I've been thinking about the whole issue of sanctification and the question of "Already but not yet" and I've been wondering whether a lot of our disagreements as Christians particularly with this issue of grace are linked to a question of method. The great unifying factor is that essentially we all want to become more Christ-like in our behaviour, we all hate sin and it's presence in our lives and essentially we all want sin out! Where we disagree is the best way to actually reach that purpose.
I've had the benefit of trying a lot of methods as well which helps to add some validity (I hope) to what I am trying to say and argue. For instance I have 'done' the accountability groups thing and am well aware of their aim but am not convinced as to their usefulness. Last night at work I was re-reading John Piper and Justin Taylor's "A God-Entranced Vision of All Things". And I was intrigued to find three quotes in the chapters that all present slightly different perspectives on how to attempt to combat sin. Here they are;
1. The Quote I Liked.
"Many Christians think stoicism is a good antidote to sensuality. It isn't. It is hopelessly weak and ineffective. And the reason that it fails is that the power of sin comes from the promise of pleasure and is meant to be defeated by the superior promise of pleasure in God, not by the power of the human will. Willpower religion, when it succeeds, gets glory for the will. It produces legalists not lovers".
John Piper - "Chapter 1 - A God-Entranced Vision of All Things: Why We Need Jonathan Edwards - 300 Years Later" - (p29).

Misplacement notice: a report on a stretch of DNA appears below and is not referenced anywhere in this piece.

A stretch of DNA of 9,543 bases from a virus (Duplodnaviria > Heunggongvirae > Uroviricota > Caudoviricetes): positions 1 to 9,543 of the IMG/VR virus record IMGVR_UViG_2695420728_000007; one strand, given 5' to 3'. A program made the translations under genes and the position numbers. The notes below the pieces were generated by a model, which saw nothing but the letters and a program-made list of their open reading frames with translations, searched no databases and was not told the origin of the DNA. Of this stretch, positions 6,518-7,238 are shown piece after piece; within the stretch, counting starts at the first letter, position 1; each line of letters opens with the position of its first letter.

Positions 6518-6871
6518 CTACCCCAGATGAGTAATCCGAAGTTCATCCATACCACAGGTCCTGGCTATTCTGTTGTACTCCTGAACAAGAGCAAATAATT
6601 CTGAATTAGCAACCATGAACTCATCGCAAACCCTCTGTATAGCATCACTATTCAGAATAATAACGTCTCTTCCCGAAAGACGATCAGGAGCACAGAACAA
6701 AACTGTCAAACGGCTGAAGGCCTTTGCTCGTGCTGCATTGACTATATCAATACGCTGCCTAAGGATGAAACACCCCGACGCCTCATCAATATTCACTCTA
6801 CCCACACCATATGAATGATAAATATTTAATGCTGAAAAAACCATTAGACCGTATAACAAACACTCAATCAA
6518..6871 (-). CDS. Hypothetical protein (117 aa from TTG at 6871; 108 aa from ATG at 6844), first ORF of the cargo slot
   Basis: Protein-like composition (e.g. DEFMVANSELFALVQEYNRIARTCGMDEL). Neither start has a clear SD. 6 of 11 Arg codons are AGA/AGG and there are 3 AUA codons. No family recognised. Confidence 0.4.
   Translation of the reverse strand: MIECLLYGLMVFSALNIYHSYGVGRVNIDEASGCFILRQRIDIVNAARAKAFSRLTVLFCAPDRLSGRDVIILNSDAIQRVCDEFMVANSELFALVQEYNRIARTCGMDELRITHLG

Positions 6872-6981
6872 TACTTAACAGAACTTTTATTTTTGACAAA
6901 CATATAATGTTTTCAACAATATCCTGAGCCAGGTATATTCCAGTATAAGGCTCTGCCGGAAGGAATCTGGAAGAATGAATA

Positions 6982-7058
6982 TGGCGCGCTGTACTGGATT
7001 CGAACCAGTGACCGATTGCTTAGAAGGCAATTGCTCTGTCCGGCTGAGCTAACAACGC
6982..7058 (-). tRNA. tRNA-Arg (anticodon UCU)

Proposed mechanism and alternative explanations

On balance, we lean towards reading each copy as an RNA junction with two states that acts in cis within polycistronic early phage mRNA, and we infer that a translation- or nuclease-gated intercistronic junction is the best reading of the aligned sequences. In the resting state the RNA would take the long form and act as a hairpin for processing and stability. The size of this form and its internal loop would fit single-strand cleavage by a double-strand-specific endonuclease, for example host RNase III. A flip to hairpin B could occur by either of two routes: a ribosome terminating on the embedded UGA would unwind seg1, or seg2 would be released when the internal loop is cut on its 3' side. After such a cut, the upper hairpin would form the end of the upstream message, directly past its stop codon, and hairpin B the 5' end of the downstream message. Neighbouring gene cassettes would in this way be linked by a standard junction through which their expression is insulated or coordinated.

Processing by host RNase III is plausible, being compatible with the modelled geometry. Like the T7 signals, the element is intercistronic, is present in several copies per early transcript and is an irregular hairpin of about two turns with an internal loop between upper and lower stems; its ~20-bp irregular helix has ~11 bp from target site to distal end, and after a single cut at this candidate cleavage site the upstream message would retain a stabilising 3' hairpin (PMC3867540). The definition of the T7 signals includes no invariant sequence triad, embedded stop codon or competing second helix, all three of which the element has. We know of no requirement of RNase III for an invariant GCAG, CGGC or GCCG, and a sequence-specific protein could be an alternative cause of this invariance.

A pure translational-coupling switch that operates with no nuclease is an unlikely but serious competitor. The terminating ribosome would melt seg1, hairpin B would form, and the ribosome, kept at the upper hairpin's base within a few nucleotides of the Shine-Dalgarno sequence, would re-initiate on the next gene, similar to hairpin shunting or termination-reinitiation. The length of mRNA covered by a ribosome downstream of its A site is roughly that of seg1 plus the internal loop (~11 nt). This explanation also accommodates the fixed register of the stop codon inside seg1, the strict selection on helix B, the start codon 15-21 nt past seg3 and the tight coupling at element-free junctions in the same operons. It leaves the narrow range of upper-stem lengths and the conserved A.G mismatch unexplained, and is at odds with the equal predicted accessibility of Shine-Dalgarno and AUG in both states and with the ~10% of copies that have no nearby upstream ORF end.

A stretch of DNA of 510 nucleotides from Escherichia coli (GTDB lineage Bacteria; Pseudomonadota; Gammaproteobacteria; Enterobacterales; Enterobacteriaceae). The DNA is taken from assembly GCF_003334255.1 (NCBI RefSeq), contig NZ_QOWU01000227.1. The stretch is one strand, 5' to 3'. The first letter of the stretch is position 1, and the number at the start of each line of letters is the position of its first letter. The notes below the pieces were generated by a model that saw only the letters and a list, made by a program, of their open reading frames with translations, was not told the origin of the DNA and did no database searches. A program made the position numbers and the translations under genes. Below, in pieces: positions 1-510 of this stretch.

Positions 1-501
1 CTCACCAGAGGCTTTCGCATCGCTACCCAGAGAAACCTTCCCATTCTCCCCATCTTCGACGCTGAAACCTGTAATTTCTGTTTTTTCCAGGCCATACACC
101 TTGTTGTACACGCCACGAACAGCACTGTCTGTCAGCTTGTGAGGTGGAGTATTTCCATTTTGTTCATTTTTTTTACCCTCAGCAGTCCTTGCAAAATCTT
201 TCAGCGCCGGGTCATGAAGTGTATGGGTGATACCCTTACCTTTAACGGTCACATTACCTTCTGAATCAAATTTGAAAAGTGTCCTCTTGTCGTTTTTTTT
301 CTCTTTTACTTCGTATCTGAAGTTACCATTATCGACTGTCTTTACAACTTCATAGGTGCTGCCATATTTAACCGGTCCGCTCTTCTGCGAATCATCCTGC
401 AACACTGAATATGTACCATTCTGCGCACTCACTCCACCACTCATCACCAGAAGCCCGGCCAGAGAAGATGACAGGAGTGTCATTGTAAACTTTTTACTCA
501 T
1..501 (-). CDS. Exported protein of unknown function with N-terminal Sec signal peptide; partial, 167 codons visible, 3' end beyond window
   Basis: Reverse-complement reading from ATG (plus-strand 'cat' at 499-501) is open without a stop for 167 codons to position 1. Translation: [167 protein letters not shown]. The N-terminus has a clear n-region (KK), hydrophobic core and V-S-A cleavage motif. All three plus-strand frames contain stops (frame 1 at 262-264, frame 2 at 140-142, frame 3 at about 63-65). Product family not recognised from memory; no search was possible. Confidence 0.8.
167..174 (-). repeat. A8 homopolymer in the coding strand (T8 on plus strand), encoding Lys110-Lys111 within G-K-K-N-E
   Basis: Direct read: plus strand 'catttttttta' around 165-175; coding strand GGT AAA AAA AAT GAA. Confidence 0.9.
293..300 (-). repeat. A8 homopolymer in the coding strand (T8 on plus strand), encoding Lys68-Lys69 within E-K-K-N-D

2. The Quote I Hated.
"As practices the spiritual disciplines are first about doing and then about being. The spiritual disciplines are right doing that leads to right being".
Donald Whitney - "Chapter 5 - Pursuing a Passion for God through Spiritual Disciplines" - (p110).
3. The Quote I Couldn't Believe.
"When I am violently beset with temptation or cannot rid myself of evil thoughts, to do some sum in arithmetic or geometry or some other study, which necessarily engages all my thoughts and unavoidably keeps them from wandering".
Jonathan Edwards quoted in Noel Piper - "Chapter 3 - Sarah Edwards: Jonathan's Home and Haven" - (p59).
John Piper's quote makes perfect sense. Sin is fun and it offers pleasure. Let's not deceive ourselves. The lie is that it will satisfy and of course it does not. Donald Whitney's quote seems to me to be a perversion of true gospel power. The gospel is about right BELIEVING first and then right DOING will follow. Frankly Whitney's quote seems to illustrate my 20 to 30 years of legalism. Trying to read my Bible and pray legalistically every day. And it doesn't work. And if it does work then it will foster pride because my doing accomplished something.
Jonathan Edwards on the other hand ... wow.
There's a technique I haven't tried before - doing maths in my head to try and get rid of lustful thoughts!